Gianandrea Noseda, the busy music director of the National Symphony Orchestra, is about to have a little more time in his schedule. As of noon on Thursday, he extended his resignation to the theater where he has been music director for 11 years, the Teatro Regio Torino in his native Italy.

The move was arguably foreseeable since the board accepted the resignation of Walter Vergnano, the opera’s superintendent last week. Technically, Noseda was an appointee of Vergnano, but he said last week he was hoping to find accommodation with the board and the theater’s new leadership.

The announcement today that William Graziosi (who once worked at the now-defunct Lyric Opera of Baltimore) would take over as Torino’s new superintendent, along with the announcement that the theater’s planned U.S. tour with Verdi’s “I Vespri Siciliani” — already announced as a highlight of the Carnegie Hall and Kennedy Center 2018-19 seasons — would be canceled, prompted Noseda’s decision.

“The recent actions taken by the board of the Teatro Regio Torino are disappointing and disheartening,” Noseda said in a statement. “The fact that the quality which has propelled the theater on the international scene has not been taken in due consideration provides a clear indication to me that there is no interest to share a common vision for the future of the Teatro Regio Torino. … Under these circumstances, I will not be available to continue my relationship with the Teatro Regio Torino.”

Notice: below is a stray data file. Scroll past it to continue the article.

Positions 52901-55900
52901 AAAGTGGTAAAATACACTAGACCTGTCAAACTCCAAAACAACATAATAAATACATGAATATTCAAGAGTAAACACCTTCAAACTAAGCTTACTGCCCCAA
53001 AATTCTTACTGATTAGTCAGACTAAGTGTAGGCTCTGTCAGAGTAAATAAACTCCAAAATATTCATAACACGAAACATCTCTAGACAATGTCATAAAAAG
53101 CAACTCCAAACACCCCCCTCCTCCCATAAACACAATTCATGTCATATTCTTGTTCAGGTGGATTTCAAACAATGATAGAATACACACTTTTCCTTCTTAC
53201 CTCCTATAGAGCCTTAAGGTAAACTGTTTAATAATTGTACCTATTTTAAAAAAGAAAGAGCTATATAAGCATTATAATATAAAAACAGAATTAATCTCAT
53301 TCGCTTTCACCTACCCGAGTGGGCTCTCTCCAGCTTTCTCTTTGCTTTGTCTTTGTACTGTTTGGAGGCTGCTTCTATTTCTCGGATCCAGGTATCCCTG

For Americans who look to Europe as a mecca of state support for the arts, the current situation in Torino illustrates a down side: Political appointments, and struggles, can suddenly upend an opera house. Vergnano’s resignation, though officially couched as personal, was allegedly prompted by disagreements with the current political administration, who were rumored to want to replace him with Giancarlo Del Monaco. From the political perspective, Noseda — who has supervised the rise of Torino from a provincial house into a strong company with an international presence — is no more than a cog in the machine.

In the immediate future, Torino’s loss cannot even be Washington’s gain, as the NSO’s 2018-19 season is already firmly planned. The next question will be which conductor will replace him in Torino, and whether the productions he was to have overseen there will continue to attract international notice.